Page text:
When we think of weight management, we rarely consider gut health. However, something as simple as the management of our gluten intake could be the key to your weight loss problems.
We all have the ability to heal ourselves naturally when we work with our body rather than against it.Josephine Zappia
For over a decade, holistic health expert Josephine Zappia has been practising Homoeopathic Medicine and specialises in skin disease and nutrition.
Growing up in a family of fruit and vegetable providers, Josephine always intuitively understood the nutritional power of natural produce. It wasn’t until she decided to solve her skin issues that she discovered the power of natural remedies and their ability to treat and heal the body holistically.
Gut health is the leading cause of unsuccessful weight loss regimes. While it is a complicated system to understand, its importance to our overall health is a topic of increasing interest and research in various medical fields.
What we do know: Gut bugs help regulate metabolism, nutrient absorption, and weight management. Symptoms that have been linked to an imbalance in gut bacteria (aka Gut Dysbiosis) include:
- Irregular Bowel Motions (IBS) and
- Weight management issues
Dysbiosis is most commonly reported as a condition in the gastrointestinal tract and is a microbial imbalance inside the body. Patients experiencing dysbiosis will also suffer from diarrhoea and constipation.
Anti-biotics & weight gain
Some medications can be linked to weight gain because they disrupt the microbial actions in your gut, either by preventing and slowing bacterial growth, or killing them.
Antibiotics will predispose individuals to gut dysbiosis by reducing the amount of beneficial gut flora, especially if you’re taking multiple courses. An observable long-term consequence of antibiotics is chronic intestinal candida. This is a common form of gut dysbiosis, which causes bloating; and is worse after sugar and starchy carbohydrates. It also causes intestinal, vaginal, rectal or oral thrush.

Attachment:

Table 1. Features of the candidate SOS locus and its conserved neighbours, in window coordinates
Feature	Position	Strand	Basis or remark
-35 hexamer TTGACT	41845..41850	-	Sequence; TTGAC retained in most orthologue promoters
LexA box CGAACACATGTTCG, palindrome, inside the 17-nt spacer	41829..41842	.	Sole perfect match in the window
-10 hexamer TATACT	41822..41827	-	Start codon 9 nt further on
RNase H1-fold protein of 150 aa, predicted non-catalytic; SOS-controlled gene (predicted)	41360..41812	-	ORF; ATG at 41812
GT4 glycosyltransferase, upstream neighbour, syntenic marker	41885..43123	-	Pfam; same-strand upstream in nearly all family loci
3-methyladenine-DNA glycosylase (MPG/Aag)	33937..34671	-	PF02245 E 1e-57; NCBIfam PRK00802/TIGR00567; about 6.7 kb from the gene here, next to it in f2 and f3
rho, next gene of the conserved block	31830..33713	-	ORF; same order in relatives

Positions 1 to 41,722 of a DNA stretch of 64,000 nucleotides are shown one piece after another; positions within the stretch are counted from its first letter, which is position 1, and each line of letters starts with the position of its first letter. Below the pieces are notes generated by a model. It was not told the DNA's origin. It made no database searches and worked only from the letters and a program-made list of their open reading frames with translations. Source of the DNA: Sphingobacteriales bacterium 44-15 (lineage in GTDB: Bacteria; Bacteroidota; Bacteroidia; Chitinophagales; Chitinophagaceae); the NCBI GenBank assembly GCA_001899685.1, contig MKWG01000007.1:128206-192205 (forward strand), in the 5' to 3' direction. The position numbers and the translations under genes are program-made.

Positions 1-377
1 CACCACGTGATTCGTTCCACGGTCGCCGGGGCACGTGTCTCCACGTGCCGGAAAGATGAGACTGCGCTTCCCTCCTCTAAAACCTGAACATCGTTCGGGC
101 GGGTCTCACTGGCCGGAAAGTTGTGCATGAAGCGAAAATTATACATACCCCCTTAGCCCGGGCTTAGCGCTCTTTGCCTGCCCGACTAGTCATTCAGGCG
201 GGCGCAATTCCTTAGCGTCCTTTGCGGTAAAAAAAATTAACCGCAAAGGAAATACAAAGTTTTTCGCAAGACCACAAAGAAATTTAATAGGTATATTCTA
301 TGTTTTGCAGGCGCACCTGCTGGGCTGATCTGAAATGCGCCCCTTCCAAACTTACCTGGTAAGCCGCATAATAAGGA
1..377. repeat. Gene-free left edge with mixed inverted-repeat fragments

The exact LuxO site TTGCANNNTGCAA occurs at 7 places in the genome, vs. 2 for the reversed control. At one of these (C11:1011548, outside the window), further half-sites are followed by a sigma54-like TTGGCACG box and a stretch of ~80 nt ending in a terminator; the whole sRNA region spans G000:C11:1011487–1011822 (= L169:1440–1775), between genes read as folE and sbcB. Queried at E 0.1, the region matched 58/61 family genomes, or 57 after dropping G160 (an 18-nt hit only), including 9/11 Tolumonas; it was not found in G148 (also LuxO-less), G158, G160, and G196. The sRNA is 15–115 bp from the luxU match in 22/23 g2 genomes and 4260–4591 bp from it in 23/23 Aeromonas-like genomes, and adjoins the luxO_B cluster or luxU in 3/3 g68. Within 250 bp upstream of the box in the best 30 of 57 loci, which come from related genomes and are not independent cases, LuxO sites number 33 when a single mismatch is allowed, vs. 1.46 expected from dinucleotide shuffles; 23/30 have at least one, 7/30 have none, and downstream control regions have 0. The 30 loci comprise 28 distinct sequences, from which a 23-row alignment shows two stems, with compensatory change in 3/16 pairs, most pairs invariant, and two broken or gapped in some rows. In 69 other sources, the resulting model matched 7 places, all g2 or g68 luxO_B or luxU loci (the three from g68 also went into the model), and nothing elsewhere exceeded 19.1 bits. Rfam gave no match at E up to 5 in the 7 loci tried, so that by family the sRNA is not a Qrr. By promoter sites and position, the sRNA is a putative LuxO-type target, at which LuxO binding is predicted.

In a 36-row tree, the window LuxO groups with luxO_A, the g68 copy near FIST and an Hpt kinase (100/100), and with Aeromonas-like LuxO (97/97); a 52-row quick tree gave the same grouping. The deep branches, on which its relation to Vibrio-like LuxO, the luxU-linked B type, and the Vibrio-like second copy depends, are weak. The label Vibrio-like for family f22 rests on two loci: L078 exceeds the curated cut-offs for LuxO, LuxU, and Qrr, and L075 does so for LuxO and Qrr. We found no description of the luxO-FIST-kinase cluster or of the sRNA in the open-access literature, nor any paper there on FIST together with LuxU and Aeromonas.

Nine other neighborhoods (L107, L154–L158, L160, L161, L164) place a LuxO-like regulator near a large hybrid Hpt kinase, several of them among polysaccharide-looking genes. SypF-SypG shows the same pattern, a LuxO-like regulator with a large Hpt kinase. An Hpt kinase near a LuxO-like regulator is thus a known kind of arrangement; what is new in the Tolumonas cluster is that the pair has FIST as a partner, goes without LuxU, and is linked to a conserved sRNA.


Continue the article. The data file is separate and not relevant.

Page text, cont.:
Luckily, homoeopathy is a useful practice for treating the consequences of antibiotics as it can help restore normal gut function after heavy antibiotic use.
Many Aussies don’t think twice about the gluten that is present in virtually every processed food they eat. What they don’t know is that Gluten could be causing them to experience a ‘leaky gut’, a cause of weight loss issues.
Gluten is a protein found in wheat, rye and barley but can be toxic to the body. Repeated consumption of these grains and processed carbohydrates causes water retention in the body, making you feel bloated. Thankfully, if you stop consumption of these foods, often your body will release the excess water and help you lose weight.
If simply removing the gluten does not help with weight management, it will help professionals recognise other problematic imbalances. Symptoms will now relate to you holistically and not created artificially by a toxic substance. You can then proceed with real treatment from a modality like homeopathy and watch as your body is transformed.
Without the water retention you will get to know your ‘real’ weight which will show you the real extent of your malnutrition. The digestive system will start absorbing foods properly and nourishing you, building healthy bones and muscles, this weight gain is beneficial to your overall health and ability to sustain your ideal weight.
There are many rich natural sources which can help balance your gut flora, these include:
- Garlic is a nutritional powerhouse that is a rich source of thiosulfinates and has been used extensively in medicine for thousands of years. Garlic is known to contain anti parasitic, antibacterial and anti fungal properties while not compromising the healthy gut bacteria.
- Black walnuts are another plant known to have antiparasitic, antifungal, and anti microbial properties.
Whether you’re trying to reverse leaky gut or improve other gut imbalances, educating yourself about gut health will help you be the healthiest you. You can learn more at josephinezappia.com.